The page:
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Exploring Verbal Uncanny Valley Effects with Vague Language in Computer Speech / Leigh Clark, Abdulmalik Ofemile, Benjamin R. Cowan
Voice Attractiveness, Pages: 317 - 330
Swansea University Author: Leigh Clark
Accepted Manuscript under embargo until: 11th October 2022
Interactions with speech interfaces are growing, helped by the advent of intelligent personal assistants like Amazon Alexa and Google Assistant. This software is utilised in hardware such as smart home devices (e.g. Amazon Echo and Google Home), smartphones and vehicles. Given the unprecedented leve...
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Interactions with speech interfaces are growing, helped by the advent of intelligent personal assistants like Amazon Alexa and Google Assistant. This software is utilised in hardware such as smart home devices (e.g. Amazon Echo and Google Home), smartphones and vehicles. Given the unprecedented level of spoken interactions with machines, it is important we understand what is considered appropriate, desirable and attractive computer speech. Previous research has suggested that the overuse of humanlike voices in limited-communication devices can induce uncanny valley effects—a perceptual tension arising from mismatched stimuli causing incongruence between users’ expectations of a system and its actual capabilities. This chapter explores the possibility of verbal uncanny valley effects in computer speech by utilising the interpersonal linguistic strategies of politeness, relational work and vague language. This work highlights that using these strategies can create perceptual tension and negative experiences due to the conflicting stimuli of computer speech and ‘humanlike’ language. This tension can be somewhat moderated with more humanlike than robotic voices, though not alleviated completely. Considerations for the design of computer speech and subsequent future research directions are discussed.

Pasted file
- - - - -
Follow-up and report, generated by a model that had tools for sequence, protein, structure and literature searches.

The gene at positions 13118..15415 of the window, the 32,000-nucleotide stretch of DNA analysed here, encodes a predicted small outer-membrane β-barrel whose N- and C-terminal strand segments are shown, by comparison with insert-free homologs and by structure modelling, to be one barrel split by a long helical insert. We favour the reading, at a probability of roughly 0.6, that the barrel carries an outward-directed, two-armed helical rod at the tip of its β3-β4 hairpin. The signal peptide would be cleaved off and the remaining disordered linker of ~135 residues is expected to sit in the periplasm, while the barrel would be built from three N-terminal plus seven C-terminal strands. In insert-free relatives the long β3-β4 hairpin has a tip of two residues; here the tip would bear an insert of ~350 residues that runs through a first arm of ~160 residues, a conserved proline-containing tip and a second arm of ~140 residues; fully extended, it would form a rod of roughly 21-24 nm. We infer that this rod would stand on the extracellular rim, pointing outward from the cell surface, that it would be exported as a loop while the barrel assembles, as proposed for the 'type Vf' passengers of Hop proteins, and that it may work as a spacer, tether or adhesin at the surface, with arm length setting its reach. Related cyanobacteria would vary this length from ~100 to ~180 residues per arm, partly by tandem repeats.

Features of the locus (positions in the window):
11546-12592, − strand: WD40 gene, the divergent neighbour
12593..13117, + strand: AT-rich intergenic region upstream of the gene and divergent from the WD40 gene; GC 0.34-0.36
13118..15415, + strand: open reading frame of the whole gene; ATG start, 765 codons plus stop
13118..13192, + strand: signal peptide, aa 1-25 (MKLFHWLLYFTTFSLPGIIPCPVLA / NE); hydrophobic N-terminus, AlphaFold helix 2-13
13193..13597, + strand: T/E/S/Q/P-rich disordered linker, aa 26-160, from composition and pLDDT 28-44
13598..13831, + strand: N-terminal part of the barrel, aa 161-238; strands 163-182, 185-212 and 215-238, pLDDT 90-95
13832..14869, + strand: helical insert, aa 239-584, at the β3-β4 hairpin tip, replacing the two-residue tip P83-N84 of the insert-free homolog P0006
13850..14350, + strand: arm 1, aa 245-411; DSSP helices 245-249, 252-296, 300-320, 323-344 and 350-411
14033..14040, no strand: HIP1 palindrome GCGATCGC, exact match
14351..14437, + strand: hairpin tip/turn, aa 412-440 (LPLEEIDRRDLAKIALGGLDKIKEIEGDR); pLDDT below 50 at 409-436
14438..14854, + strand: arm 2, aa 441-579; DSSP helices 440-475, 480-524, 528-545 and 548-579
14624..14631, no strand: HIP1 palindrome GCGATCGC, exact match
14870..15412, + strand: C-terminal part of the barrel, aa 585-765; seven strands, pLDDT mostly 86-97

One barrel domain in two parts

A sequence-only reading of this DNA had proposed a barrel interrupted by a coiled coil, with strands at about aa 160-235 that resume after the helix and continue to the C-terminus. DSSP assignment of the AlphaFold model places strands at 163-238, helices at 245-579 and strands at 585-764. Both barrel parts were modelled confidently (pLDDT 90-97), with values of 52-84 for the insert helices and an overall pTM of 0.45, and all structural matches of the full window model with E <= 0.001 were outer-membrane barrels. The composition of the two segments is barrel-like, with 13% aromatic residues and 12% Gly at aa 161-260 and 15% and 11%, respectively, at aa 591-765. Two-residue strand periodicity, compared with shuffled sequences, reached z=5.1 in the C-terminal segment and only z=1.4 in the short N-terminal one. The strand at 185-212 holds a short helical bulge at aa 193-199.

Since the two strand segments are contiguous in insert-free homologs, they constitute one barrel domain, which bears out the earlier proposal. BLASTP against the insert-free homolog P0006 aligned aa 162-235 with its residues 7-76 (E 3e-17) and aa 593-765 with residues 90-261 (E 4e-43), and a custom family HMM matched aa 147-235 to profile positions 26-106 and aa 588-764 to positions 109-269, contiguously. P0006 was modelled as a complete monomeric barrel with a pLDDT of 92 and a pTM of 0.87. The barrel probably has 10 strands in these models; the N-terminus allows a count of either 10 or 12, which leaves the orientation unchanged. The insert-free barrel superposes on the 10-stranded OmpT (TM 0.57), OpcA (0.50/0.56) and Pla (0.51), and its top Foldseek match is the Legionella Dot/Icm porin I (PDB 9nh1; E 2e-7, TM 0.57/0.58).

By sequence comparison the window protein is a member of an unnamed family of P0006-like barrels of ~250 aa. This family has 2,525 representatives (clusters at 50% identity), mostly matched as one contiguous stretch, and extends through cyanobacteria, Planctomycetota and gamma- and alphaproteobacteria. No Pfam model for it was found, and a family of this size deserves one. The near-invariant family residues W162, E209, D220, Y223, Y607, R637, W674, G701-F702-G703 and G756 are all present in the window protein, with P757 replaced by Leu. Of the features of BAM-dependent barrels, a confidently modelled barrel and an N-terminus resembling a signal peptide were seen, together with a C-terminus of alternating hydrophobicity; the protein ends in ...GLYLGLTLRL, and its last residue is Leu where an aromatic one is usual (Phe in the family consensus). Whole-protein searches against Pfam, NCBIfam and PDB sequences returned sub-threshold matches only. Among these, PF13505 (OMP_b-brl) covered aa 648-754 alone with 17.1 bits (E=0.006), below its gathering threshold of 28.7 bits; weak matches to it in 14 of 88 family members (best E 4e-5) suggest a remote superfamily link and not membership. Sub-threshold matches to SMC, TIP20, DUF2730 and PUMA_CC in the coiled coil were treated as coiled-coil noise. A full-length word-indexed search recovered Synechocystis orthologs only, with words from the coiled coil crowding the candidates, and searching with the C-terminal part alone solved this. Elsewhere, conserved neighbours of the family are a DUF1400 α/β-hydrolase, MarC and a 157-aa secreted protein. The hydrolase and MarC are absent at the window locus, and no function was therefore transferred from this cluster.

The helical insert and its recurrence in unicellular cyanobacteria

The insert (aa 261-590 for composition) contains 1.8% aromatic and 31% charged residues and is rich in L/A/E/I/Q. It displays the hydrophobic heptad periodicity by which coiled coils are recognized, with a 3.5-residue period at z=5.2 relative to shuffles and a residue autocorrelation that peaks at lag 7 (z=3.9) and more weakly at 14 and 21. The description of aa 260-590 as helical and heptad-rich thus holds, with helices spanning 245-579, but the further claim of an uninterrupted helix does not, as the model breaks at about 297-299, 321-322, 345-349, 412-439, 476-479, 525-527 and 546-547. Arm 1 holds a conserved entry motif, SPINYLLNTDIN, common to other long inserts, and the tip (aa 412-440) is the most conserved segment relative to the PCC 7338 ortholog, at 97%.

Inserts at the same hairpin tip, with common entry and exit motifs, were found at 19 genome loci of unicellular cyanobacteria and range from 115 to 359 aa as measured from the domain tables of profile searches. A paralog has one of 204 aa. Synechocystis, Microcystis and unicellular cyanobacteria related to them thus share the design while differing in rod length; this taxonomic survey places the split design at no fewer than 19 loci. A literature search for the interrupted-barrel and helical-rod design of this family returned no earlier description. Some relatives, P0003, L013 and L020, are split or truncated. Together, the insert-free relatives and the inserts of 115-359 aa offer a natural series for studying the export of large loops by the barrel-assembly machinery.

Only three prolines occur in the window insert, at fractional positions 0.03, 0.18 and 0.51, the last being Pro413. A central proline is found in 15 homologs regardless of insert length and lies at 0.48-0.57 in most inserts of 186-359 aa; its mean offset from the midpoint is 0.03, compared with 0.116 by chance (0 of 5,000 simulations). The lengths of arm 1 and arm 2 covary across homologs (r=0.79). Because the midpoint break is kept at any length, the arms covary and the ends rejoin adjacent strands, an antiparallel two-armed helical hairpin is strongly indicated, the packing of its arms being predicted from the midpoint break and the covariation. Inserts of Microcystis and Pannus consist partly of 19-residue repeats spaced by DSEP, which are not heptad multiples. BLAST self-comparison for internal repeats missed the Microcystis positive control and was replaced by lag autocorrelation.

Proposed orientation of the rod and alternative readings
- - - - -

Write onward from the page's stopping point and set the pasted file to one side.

This research was funded by a New Horizons grant from the Irish Research Council entitled “The COG-SIS Project: Cognitive effects of Speech Interface Synthesis” (Grant R17339).
Speech interface, Voice interface, Intelligent personal assistant, Uncanny valley, Humanlike, Politeness, Vague language
College of Science